Spike-triggered reaction-time EEG as a possible assessment tool for driving ability

Krestel, Heinz E; Nirkko, Arto; von Allmen, Andreas; Liechti, Christian; Wettstein, Janine; Mosbacher, Antoinette; Mathis, Johannes (2011). Spike-triggered reaction-time EEG as a possible assessment tool for driving ability. Epilepsia, 52(10), e126-9. Malden, Mass.: Wiley-Blackwell 10.1111/j.1528-1167.2011.03252.x

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The impact of interictal epileptic activity (IEA) on driving is a rarely investigated issue. We analyzed the impact of IEA on reaction time in a pilot study. Reactions to simple visual stimuli (light flash) in the Flash test or complex visual stimuli (obstacle on a road) in a modified car driving computer game, the Steer Clear, were measured during IEA bursts and unremarkable electroencephalography (EEG) periods. Individual epilepsy patients showed slower reaction times (RTs) during generalized IEA compared to RTs during unremarkable EEG periods. RT differences were approximately 300 ms (p < 0.001) in the Flash test and approximately 200 ms (p < 0.001) in the Steer Clear. Prior work suggested that RT differences >100 ms may become clinically relevant. This occurred in 40% of patients in the Flash test and in up to 50% in the Steer Clear. When RT were pooled, mean RT differences were 157 ms in the Flash test (p < 0.0001) and 116 ms in the Steer Clear (p < 0.0001). Generalized IEA of short duration seems to impair brain function, that is, the ability to react. The reaction-time EEG could be used routinely to assess driving ability.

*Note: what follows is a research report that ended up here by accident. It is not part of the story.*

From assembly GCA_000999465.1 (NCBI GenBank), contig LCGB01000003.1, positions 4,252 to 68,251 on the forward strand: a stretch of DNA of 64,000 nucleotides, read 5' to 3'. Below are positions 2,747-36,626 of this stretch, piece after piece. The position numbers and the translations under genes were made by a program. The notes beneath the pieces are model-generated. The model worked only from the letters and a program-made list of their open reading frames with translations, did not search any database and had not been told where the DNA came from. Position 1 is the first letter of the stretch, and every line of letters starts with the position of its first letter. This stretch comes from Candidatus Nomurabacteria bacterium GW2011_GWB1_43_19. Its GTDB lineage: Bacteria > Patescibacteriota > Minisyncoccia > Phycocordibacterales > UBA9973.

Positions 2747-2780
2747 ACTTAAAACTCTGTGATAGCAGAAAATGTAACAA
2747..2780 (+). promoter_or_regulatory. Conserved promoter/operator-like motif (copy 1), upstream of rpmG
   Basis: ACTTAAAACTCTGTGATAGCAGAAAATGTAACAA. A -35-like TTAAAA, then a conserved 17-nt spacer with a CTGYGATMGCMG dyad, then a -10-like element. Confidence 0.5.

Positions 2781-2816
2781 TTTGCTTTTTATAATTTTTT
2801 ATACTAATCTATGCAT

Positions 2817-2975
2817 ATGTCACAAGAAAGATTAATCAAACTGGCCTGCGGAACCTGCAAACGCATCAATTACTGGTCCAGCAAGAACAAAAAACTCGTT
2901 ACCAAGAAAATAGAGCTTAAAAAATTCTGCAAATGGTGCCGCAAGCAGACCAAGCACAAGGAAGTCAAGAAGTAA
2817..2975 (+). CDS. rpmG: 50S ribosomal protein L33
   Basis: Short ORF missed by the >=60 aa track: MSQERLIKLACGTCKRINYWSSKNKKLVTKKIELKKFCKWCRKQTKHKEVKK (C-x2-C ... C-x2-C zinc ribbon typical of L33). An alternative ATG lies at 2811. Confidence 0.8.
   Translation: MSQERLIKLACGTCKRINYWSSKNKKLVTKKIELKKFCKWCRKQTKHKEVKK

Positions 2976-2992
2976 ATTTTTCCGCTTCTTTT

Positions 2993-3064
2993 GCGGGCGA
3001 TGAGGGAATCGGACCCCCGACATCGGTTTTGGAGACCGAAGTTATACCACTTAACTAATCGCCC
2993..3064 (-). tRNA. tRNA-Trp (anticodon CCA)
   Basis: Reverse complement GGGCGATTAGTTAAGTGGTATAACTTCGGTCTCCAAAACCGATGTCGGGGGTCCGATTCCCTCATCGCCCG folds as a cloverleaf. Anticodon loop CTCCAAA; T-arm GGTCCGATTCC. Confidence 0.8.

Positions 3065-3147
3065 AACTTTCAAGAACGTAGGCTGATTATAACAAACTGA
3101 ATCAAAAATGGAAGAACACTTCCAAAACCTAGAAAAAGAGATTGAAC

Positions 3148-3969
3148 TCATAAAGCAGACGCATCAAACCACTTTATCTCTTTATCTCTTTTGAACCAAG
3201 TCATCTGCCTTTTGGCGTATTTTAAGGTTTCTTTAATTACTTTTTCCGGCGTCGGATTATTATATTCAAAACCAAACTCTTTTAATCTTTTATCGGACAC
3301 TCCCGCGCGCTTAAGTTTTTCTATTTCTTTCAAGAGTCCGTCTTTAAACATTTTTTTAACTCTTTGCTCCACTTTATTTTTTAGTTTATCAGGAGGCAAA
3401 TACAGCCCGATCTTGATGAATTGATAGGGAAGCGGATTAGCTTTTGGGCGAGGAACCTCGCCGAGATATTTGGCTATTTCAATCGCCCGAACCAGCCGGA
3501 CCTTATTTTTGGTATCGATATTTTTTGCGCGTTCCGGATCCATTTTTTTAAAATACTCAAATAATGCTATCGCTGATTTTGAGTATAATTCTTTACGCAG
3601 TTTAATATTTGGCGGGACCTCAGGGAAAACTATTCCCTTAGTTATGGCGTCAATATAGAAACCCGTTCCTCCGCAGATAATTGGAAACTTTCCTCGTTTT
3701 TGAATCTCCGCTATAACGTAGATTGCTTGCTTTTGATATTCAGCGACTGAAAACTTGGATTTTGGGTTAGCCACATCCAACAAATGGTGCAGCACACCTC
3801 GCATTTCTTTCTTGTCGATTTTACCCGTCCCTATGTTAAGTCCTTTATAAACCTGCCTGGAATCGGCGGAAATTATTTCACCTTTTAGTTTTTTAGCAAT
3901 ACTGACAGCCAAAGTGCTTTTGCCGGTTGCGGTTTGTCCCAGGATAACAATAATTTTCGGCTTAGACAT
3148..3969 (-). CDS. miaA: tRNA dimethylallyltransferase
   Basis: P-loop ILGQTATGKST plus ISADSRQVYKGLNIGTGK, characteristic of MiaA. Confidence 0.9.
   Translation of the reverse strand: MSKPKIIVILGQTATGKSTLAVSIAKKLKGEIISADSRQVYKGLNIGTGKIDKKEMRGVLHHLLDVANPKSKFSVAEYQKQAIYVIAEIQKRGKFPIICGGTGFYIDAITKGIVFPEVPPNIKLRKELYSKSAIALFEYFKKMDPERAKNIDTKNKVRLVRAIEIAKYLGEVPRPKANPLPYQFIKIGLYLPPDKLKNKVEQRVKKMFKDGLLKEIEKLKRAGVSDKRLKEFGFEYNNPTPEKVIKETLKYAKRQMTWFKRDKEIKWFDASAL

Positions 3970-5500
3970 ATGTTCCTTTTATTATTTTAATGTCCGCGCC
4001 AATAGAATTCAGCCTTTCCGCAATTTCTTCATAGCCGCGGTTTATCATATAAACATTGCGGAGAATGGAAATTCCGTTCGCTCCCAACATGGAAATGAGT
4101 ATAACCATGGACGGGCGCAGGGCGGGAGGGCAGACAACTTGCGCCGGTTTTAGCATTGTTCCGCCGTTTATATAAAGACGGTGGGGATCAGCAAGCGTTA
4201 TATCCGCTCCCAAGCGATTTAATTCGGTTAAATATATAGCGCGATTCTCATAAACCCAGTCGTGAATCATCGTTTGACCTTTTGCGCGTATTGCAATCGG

Item Type:

Journal Article (Original Article)

Division/Institute:

04 Faculty of Medicine > Department of Head Organs and Neurology (DKNS) > Clinic of Neurology

UniBE Contributor:

Krestel, Heinz Eric; Nirkko, Arto C. and Mathis, Johannes

ISSN:

0013-9580

Publisher:

Wiley-Blackwell

Language:

English

Submitter:

Factscience Import

Date Deposited:

04 Oct 2013 14:26

Last Modified:

16 Feb 2015 16:52

Publisher DOI:

10.1111/j.1528-1167.2011.03252.x

PubMed ID:

21883181

Web of Science ID:

000296067000002

URI:

https://boris.unibe.ch/id/eprint/9467 (FactScience: 215205)

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